Tuesday, 25 November 2014

Still Mind, Moving Body - the intersection between sedentary work, dis- stress management \ meditation

 Around 500 BC the Greek philospher Thales wrote:

What man is happy? He who has a healthy body, a resourceful mind and a docile nature 

The Roman poet Juvenals (~50-150 AD) said men should pray for a healthy mind in a healthy body or in Latin mens sana in corpore sano usually translated as a sound mind in a sound body. This motto has been used by many movements and organisations over the ages. In the 1790's, The German innovator GutsMuths commenced his famous book on gymnastics using that sentence. In the next paragraphs he decries the degeneration and weakness of his fellow country man saying that they had not realised they could be strong if they pleased. It seems over 200 years ago, it could be observed that civilisation was weakening people. Sadly, this trend has continued with mechanisation, the reduction in physical education to games, even military fitness standards in some countries have had to be reduced, more than once, over the last 100 years or so; Sedentary work and sedentary leisure has significantly increased.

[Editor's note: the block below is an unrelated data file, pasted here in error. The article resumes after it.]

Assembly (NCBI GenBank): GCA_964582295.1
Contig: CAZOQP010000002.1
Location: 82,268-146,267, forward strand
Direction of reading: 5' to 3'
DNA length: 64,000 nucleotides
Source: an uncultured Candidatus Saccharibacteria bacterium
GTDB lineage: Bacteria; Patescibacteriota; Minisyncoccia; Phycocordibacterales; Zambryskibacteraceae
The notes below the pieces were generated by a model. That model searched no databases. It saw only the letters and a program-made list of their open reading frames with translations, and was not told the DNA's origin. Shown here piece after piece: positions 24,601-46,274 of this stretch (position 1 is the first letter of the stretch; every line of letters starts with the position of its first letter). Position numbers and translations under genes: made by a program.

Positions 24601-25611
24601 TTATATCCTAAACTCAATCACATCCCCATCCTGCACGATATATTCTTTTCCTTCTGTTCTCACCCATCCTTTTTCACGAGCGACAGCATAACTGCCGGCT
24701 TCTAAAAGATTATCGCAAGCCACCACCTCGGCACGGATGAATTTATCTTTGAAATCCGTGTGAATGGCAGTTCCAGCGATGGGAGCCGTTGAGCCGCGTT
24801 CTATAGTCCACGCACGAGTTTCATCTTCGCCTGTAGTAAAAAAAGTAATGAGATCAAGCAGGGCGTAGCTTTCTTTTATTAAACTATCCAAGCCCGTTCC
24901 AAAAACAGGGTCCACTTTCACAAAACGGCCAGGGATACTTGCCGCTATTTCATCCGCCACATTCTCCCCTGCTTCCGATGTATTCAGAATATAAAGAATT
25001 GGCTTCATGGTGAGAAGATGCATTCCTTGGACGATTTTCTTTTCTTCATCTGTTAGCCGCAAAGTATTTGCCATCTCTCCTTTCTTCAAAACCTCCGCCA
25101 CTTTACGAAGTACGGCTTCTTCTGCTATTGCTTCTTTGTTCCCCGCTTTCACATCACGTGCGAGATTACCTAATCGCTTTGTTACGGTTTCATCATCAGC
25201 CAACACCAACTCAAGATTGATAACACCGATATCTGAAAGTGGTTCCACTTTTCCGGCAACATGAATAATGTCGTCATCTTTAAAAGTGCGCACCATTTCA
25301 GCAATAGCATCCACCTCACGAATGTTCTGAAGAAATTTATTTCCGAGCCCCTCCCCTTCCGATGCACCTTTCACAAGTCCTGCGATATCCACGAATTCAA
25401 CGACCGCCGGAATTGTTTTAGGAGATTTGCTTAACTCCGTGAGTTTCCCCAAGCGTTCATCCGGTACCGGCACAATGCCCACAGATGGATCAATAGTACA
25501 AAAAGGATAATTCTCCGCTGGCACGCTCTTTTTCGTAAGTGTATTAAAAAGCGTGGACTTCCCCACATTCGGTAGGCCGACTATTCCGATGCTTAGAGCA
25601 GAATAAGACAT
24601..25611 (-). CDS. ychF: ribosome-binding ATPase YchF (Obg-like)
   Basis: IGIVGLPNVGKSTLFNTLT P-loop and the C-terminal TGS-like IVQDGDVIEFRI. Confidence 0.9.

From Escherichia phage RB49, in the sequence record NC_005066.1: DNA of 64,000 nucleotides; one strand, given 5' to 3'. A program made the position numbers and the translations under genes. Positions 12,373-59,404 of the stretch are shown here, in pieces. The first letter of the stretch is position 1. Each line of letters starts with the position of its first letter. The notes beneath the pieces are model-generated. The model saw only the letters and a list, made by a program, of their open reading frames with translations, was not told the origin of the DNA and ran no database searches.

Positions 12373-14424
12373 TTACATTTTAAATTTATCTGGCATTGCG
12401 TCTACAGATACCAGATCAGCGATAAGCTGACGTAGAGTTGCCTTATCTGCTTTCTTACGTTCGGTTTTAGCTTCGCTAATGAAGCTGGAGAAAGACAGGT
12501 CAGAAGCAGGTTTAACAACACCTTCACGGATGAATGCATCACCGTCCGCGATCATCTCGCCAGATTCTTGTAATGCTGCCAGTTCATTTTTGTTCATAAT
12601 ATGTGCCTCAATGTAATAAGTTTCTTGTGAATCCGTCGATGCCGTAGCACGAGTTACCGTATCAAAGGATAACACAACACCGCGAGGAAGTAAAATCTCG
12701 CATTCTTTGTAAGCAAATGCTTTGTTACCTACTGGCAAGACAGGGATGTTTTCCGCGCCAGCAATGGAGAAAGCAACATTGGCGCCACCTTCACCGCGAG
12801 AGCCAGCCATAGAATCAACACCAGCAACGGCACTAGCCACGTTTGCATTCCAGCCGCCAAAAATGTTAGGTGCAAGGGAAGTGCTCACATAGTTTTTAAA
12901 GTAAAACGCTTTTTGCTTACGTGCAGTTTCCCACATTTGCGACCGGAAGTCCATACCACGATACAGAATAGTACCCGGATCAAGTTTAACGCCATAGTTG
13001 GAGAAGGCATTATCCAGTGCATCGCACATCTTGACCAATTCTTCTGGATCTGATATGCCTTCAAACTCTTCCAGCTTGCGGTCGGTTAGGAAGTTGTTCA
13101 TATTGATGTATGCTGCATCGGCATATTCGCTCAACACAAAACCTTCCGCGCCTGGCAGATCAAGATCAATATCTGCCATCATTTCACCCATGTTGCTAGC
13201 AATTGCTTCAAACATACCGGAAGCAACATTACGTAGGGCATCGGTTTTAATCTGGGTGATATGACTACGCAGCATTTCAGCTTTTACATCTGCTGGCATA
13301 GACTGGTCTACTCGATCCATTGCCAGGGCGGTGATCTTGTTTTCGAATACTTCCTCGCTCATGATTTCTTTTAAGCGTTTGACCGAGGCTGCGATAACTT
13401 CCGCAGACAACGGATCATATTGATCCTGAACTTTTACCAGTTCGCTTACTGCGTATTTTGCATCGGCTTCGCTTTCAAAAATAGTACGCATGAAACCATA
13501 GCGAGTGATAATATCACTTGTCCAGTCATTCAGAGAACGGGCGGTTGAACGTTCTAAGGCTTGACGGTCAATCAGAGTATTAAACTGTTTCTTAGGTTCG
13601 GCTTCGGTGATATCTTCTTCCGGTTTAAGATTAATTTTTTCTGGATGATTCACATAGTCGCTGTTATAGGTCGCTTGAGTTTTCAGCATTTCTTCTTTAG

At the same time the mental complexity of society has increased, the extended family support system has given way to the nuclear family, information has increased and become digital.

Today, many people have busy minds and still bodies. But our genes are designed for the reverse a still (calm) mind in a moving body:

Still Mind, Moving Body                        busy mind, still body

The full quote from Juvenals:

men should pray for a healthy mind in a healthy body.
Ask for a stout heart that has no fear of death,
and deems length of days the least of Nature's gifts
that can endure any kind of toil,
that knows neither wrath nor desire and thinks
the woes and hard labors of Hercules better than
the loves and banquets and downy cushions of Saranapalus
What I commend to you, you can give to yourself;

For assuredly, the only road to a life of peace is virtue.
                                Decimus Junius Juvenalis (Satires 10.356)

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